Pulmonary Contusion After Sports Injury
Most pulmonary contusions occur after diffuse, high energy blunt trauma like a fall or car crash. Occasionally, pulmonary injury can occur after a much more focal injury like an impact during sports. This may occur due to direct impact from another player, or from a rapidly moving object like a ball or puck. Today, I’ll focus on the latter, impact from a fast-moving object.
Typically, the athlete will complain of pain at the area of impact and some degree of breathing impairment. This is usually due to musculoskeletal pain, rib fracture or involuntary splinting. It is possible to develop pneumothorax or hemothorax, especially if a rib is fractured. At some point, hemoptysis may be present. This is pathognomonic for the presence of a pulmonary contusion.
Any athlete with more than mild to moderate pain, or any physical exam findings other than tenderness, should be more fully evaluated. Here are some important tips:
- The only imaging required is a two view conventional chest xray. This will identify significant pneumothorax, hemothorax or contusions that require additional management.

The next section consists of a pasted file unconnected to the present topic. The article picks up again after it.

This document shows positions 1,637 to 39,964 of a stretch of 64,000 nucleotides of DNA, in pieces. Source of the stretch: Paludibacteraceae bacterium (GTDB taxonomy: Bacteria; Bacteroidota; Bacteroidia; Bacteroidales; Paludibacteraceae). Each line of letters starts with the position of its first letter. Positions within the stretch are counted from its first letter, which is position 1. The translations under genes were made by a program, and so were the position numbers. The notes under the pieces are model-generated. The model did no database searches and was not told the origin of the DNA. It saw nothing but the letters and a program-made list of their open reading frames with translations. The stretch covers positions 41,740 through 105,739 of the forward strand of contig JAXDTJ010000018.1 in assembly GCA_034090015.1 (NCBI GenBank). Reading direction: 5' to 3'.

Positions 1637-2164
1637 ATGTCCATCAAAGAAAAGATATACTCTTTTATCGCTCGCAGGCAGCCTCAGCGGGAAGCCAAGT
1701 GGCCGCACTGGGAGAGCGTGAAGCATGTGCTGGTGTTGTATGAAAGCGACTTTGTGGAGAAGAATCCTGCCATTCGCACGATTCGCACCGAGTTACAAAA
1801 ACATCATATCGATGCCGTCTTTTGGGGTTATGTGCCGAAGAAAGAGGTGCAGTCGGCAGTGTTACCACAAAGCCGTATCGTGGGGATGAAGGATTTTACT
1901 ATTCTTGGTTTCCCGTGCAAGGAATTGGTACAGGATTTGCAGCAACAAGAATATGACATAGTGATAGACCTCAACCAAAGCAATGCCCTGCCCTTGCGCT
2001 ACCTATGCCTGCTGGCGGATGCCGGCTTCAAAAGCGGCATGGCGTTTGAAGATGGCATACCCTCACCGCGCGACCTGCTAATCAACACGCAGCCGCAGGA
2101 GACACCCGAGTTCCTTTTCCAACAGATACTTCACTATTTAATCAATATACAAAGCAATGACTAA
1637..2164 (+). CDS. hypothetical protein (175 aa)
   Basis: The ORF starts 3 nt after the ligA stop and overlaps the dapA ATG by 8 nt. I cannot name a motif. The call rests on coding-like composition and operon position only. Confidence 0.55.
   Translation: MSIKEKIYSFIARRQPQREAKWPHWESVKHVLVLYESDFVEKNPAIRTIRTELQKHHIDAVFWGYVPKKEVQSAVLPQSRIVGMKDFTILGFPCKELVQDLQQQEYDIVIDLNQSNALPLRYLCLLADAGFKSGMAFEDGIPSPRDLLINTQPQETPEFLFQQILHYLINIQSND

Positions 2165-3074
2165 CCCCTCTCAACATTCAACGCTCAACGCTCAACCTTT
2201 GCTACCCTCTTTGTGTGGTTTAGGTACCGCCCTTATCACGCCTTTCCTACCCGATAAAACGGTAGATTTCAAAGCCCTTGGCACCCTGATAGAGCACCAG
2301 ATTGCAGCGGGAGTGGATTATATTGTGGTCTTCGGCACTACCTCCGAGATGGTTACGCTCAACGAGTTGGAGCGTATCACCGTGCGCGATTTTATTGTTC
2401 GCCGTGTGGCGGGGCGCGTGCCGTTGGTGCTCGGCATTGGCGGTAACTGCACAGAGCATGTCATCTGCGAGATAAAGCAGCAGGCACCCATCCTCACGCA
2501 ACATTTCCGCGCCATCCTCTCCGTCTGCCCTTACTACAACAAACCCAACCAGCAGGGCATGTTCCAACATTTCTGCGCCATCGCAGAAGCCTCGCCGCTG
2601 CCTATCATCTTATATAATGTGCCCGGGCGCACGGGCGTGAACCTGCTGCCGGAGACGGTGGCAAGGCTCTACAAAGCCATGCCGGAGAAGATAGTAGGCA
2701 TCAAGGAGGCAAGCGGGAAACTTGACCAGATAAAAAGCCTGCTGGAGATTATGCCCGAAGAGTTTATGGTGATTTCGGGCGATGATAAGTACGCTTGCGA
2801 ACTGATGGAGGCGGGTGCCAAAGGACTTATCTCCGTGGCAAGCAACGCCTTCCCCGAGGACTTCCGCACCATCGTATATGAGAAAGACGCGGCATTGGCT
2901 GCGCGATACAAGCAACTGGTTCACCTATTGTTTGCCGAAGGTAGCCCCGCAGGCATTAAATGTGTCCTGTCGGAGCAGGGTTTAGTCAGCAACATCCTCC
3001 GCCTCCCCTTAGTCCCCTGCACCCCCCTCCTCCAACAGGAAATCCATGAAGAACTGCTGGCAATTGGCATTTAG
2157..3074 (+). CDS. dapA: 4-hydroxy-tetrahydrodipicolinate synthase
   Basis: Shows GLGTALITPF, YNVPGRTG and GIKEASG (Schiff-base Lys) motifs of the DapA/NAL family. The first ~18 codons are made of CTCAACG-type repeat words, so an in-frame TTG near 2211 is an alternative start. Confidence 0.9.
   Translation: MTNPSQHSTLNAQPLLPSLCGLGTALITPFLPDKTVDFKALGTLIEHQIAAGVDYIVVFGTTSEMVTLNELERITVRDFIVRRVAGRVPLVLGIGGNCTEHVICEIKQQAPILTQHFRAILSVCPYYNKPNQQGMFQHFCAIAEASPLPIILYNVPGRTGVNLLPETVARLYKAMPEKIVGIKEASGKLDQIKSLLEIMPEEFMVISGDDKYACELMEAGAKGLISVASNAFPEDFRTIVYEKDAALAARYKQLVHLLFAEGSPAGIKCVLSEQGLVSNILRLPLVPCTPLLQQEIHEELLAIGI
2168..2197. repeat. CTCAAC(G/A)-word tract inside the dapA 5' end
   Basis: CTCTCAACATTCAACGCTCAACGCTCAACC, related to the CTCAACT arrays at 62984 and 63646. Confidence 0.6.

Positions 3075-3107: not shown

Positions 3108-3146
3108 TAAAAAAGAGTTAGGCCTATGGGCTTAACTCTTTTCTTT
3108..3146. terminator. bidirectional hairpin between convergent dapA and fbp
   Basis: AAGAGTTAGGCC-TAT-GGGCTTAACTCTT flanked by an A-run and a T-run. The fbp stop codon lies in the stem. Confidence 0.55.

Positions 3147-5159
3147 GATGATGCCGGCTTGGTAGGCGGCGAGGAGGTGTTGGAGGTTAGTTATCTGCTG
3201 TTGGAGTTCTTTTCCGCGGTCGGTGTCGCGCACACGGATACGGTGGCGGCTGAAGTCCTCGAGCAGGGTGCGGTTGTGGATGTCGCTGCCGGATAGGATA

- Chest CT is not indicated. It does not change management.
- Use your typical algorithms for managing hemothorax and pneumothorax
- A pneumatocele visible on the xray indicates a small pulmonary laceration. A followup xray or two may be needed to ensure that it does not expand or cause a pneumothorax. Thoracic surgery involvement is not usually indicated
- Hemoptysis is normal, and may present immediately or several days later. The patient should be reassured in advance so they don’t call you frantically in the middle of the night.
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